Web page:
One of the delights about visiting someplace new is learning bits of local history, things you don’t read in history books. I, for example, had never heard of Saint Arbogast. Had you?
Walking through Dottingen one afternoon, I visited St. Arbogast’s Chapel on the spur of the moment. I’d seen the tower from a distance the past few years and had mentally noted that I should check it out.
From a distance I had expected a church, but when I walked up the street I found a much smaller structure, a chapel, that was first mentioned in official documents in 1025. Which means they don’t know when the place was actually built, but it is at least 995 years old.
I will freely admit I had never heard heard of St. Arbogast. There are so many Catholic saints, I have never bothered to learn all their names. Probably no Roman Catholic does either. St. Arbogast doesn’t rank up there with St. Patrick or St. Andrew.
Turns out St. Arbogast was local, more or less, Bishop of Strasbourg in the seventh century. Today Strasbourg is an hour’s drive; back then it would have been a three-day walk – but I guess the guy was famous.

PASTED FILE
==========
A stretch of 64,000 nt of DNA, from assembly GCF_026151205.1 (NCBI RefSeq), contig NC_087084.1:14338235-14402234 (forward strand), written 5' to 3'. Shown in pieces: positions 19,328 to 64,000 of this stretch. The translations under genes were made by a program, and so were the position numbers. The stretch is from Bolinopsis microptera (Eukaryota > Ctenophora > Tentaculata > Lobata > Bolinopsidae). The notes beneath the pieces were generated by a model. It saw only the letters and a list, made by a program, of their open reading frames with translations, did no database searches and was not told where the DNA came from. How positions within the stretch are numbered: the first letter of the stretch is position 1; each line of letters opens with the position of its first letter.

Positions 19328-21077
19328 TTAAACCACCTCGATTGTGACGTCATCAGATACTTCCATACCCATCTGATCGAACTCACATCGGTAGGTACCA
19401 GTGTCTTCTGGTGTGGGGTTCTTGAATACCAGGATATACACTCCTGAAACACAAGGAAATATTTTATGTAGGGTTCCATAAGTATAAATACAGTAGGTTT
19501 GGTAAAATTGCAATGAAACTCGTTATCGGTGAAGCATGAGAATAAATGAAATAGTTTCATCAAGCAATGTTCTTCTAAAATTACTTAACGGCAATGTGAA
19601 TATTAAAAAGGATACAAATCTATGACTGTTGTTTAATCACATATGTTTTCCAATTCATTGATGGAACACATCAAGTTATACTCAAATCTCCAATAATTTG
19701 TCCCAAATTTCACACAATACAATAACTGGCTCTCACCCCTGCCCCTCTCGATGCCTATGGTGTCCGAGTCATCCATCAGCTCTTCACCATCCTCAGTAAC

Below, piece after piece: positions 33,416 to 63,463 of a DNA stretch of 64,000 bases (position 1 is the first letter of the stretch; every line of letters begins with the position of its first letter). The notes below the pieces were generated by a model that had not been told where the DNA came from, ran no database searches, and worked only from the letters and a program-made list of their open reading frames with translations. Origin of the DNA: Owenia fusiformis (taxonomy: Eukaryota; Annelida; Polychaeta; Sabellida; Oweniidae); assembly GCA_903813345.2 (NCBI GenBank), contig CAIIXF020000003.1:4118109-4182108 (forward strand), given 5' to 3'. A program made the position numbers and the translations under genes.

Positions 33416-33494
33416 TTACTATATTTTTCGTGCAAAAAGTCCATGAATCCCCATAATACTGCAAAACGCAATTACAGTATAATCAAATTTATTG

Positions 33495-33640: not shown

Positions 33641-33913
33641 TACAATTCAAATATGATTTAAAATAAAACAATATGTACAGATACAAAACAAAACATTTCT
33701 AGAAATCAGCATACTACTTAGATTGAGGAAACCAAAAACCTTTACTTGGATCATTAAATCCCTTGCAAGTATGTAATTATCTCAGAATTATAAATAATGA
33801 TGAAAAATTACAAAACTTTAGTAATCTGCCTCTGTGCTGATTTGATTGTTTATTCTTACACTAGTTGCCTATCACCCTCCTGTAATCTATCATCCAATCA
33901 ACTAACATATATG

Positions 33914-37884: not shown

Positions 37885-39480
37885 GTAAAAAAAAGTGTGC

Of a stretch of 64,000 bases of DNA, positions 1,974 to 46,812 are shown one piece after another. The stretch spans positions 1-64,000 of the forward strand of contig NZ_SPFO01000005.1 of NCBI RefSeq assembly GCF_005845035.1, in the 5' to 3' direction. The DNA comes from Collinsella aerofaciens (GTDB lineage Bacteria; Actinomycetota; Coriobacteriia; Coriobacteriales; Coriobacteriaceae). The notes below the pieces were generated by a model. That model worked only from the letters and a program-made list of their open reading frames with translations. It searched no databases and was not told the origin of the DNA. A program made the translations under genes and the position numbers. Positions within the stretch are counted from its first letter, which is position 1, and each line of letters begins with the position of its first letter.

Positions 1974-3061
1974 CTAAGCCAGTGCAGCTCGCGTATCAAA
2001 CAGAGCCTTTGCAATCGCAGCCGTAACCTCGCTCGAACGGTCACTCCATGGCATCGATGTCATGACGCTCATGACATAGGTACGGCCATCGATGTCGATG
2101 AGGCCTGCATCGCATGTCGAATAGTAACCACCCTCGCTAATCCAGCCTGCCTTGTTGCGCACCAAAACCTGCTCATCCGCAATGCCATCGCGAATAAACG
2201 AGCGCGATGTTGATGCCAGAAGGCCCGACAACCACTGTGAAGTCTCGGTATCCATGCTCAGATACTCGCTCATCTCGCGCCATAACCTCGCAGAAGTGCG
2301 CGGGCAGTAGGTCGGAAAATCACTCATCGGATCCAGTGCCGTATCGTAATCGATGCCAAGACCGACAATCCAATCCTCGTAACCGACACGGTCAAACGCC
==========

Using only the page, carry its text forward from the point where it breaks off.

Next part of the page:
Arbogast was an Irishmen who came to this area in the seventh century – less than 200 years after Saint Patrick first brought Christianity to Ireland. He wasn’t the only Irish missionary in this area at that time (more on that in a future post), but is credited with being the first to bring Christianity to the Alsace region.
As a child I was taught to respect missionaries. I tended to put them on a pedestal, super-spiritual creatures who were closer to God than the rest of us.
As an adult I know better. While some missionaries may indeed be closer to God than the rest of us, most are not superman or superwoman. They are ordinary people who have heard God’s call – and obeyed.
I think the obedience part is much harder than hearing the call. God can speak pretty plainly at times, but how do you respond when what is being asked for is outside your comfort zone? Most of us, myself included, would respectfully suggest God call someone else.
This area of Germany seems pretty much off the beaten path in the 21st century. I can only imagine how remote it was 1400 years ago when St. Arbogast came through.
He heard God’s call and answered, though it must not have been easy. No wonder the Roman Catholic Church elevated him to sainthood.
What is God calling you to do today? Are you willing to answer that call?